Economic Growth: South-west — [Albert Owen in the Chair]

Part of the debate – in Westminster Hall at 3:31 pm on 5th February 2019.

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Photo of Peter Heaton-Jones Peter Heaton-Jones Conservative, North Devon 3:31 pm, 5th February 2019

Oh, it is a town—well, there we are; even less of a reason.

It is a pleasure to serve under your chairmanship, Mr Owen, and to speak in this debate initiated by my hon. Friend Sir Gary Streeter. I thank him for his kind words about the campaign to get funds for the north Devon link road. Yes, that is something I have gone on about. As a relatively new Member, my name popped up on the Order Paper to ask a question of the Prime Minister. The then Prime Minister, David Cameron, approached me in the Lobby and said, “I bet you’re going to bang on about the north Devon link road.” I said, “Absolutely, Prime Minister, I am.” When he said that to me, I thought, “Well, we’ve won this battle, and I am proud to be banging on about it.” We made that happen with the success that comes with £83 million of Government funding, plus £10 million from Devon County Council. The north Devon link road is a vital bit of our infrastructure and part of the connectivity that my hon. Friend and other colleagues so correctly identified.

Connectivity is a vital driver of the economy not only in north Devon, but in the entire south-west. That includes roads such as the A361, the A303, the A30 and the A358, but it is also about railways, which have been mentioned at some length. I echo what has been said to the Minister. This is not his Department, but perhaps he could have a quiet word in the ears of his hon. Friends in the Department for Transport and ensure that when we have an announcement, it will be the news that we need about long-overdue investment in the resilience of the vital route that connects the south-west peninsula with the rest of the country. I look forward to that happening; I hope it will be in the next couple of weeks.

I also wish to mention the railway line in my constituency, and I declare an interest because I am proud to be the honorary president of the Tarka Rail Association—[Hon. Members: “Hear, hear!”] Thank you. It is one of the roles that I am proudest to hold, because that organisation has done much to promote the need for investment in the line that links Exeter and Barnstaple, and will continue so to do.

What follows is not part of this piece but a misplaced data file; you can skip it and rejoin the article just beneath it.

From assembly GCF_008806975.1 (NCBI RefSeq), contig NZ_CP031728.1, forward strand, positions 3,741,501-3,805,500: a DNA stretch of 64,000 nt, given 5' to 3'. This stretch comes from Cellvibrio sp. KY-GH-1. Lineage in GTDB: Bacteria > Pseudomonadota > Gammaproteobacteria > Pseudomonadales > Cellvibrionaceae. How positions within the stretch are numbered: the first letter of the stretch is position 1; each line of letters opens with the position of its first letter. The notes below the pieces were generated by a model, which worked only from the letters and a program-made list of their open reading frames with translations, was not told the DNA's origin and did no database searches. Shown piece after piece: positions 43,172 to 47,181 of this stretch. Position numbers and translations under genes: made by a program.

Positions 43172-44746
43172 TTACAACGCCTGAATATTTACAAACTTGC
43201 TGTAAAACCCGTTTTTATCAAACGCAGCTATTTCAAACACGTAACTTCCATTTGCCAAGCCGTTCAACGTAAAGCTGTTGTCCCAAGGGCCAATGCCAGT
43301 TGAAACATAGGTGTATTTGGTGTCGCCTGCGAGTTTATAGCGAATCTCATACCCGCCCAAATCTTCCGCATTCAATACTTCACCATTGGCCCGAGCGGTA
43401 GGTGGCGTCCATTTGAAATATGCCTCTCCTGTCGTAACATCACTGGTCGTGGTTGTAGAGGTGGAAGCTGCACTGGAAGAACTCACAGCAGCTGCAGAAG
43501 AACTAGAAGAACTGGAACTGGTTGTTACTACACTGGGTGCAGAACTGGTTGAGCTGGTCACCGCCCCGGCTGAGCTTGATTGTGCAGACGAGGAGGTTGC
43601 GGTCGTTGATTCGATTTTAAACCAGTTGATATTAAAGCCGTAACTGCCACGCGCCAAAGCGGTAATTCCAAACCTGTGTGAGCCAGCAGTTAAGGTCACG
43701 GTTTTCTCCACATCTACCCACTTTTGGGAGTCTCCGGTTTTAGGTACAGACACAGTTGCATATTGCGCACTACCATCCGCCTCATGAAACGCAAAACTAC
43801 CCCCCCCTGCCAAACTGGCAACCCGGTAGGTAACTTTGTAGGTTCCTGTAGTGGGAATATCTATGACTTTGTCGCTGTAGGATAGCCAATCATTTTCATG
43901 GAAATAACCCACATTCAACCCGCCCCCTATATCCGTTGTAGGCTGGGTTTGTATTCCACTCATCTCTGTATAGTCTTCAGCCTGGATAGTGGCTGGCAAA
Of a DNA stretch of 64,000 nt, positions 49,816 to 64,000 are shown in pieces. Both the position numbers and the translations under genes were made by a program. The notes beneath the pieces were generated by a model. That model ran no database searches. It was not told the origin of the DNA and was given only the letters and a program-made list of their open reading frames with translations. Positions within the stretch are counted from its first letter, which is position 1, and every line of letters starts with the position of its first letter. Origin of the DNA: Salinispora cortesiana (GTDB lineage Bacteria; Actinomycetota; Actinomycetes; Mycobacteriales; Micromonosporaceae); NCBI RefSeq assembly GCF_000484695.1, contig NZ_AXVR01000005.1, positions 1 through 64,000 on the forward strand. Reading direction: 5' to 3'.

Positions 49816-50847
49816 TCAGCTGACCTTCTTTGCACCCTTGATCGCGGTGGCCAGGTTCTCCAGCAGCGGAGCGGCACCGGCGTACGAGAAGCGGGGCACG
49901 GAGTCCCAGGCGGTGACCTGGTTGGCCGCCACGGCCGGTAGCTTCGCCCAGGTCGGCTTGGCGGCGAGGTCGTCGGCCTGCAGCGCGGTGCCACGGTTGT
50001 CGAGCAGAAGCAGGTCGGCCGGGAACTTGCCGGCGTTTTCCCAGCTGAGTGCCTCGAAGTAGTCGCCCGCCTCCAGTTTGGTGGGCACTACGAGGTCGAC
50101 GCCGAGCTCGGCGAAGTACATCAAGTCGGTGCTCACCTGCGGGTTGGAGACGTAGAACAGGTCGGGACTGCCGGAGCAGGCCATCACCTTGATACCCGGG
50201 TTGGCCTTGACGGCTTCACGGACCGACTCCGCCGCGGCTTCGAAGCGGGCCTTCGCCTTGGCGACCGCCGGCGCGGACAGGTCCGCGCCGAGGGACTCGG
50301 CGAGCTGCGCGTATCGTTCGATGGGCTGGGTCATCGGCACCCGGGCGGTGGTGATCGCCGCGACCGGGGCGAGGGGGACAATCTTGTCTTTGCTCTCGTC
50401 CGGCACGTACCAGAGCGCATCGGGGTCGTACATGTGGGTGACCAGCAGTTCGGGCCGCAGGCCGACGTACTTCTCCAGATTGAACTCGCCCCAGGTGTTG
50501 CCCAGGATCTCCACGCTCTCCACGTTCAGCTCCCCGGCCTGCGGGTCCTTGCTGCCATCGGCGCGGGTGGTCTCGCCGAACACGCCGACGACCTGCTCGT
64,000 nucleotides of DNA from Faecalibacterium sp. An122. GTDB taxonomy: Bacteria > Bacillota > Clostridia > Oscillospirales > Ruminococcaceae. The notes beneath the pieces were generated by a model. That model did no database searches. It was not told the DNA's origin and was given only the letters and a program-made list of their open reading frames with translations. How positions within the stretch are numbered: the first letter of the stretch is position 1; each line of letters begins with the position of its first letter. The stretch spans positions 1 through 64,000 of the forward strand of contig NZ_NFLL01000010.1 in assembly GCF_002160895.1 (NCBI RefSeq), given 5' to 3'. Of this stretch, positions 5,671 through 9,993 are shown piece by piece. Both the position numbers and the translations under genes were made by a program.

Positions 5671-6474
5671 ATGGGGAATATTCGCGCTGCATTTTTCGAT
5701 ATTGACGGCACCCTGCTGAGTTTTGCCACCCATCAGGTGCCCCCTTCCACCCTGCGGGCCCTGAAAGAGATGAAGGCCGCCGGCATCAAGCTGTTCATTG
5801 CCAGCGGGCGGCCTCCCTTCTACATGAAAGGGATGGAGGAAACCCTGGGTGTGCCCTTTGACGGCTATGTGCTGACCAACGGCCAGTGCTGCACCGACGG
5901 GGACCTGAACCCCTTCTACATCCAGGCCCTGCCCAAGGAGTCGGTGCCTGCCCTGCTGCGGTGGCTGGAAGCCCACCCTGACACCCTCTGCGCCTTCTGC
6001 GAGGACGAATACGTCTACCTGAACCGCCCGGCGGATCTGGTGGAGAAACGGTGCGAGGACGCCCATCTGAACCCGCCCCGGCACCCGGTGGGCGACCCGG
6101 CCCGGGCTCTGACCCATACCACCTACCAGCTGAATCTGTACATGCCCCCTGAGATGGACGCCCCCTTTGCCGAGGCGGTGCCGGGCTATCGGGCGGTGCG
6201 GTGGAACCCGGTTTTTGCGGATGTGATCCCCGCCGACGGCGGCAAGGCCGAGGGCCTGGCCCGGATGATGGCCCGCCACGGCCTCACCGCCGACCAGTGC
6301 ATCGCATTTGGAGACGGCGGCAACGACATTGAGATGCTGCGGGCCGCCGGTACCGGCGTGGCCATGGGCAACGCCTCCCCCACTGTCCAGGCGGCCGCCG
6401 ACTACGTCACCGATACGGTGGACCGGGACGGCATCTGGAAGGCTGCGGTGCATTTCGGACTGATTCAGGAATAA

In 2019, connectivity also means digital connectivity. I have had numerous meetings with Connecting Devon and Somerset, British Telecom, and Airband, which unlike in the rest of our region—it is not Gigaclear—is the contract holder to provide fast and superfast broadband in north Devon. I have had a number of meetings with Airband to try to push that agenda forward. It is vital that that continues, because although a lot of good work has been done so far, we need to do more.

Those who put together the south-west growth strategy reckon that properly investing in our region’s connectivity could produce gross value added economic benefits of more than £41 billion and create 22,000 jobs—that is how important it is to get connectivity right. Colleagues have also mentioned agriculture, which is extraordinarily important in north Devon and the greater south-west, and a great contributor to economic growth. There are excellent farming businesses in my local economy, and it is well documented that they can help to close the productivity gap.

Let me acknowledge David Ralph, who is in the Public Gallery. He is head of the Heart of the South West local enterprise partnership, and it is good to see so much support for the region as a whole. According to the excellent report by the South West Rural Productivity Commission, our rural local authority areas account for 60% of all workforce jobs—far above the figures for elsewhere in England—which shows how important it is to get growth right in our rural areas.

Let me raise a couple of other issues that I think are important. We have placed a bid for a south-west institute of technology in our area, which is vital. Petroc College and other institutions in my constituency are really pushing hard for that, and part of it will be based in Barnstaple. That could be a real driver as far as the Government’s economic and industrial strategies are concerned. I see that time is running away, so I will end with pretty much the same phrase as the one with which I ended another debate on this subject, initiated by my hon. Friend the Member for South West Devon about 18 months ago. We hear a great deal about the midlands engine and the northern powerhouse, and of course they are important. In the south-west, however, we are like a coiled spring. We have so much potential ready to be unleashed, so I say to the northern powerhouse, “You ain’t seen nothing yet!”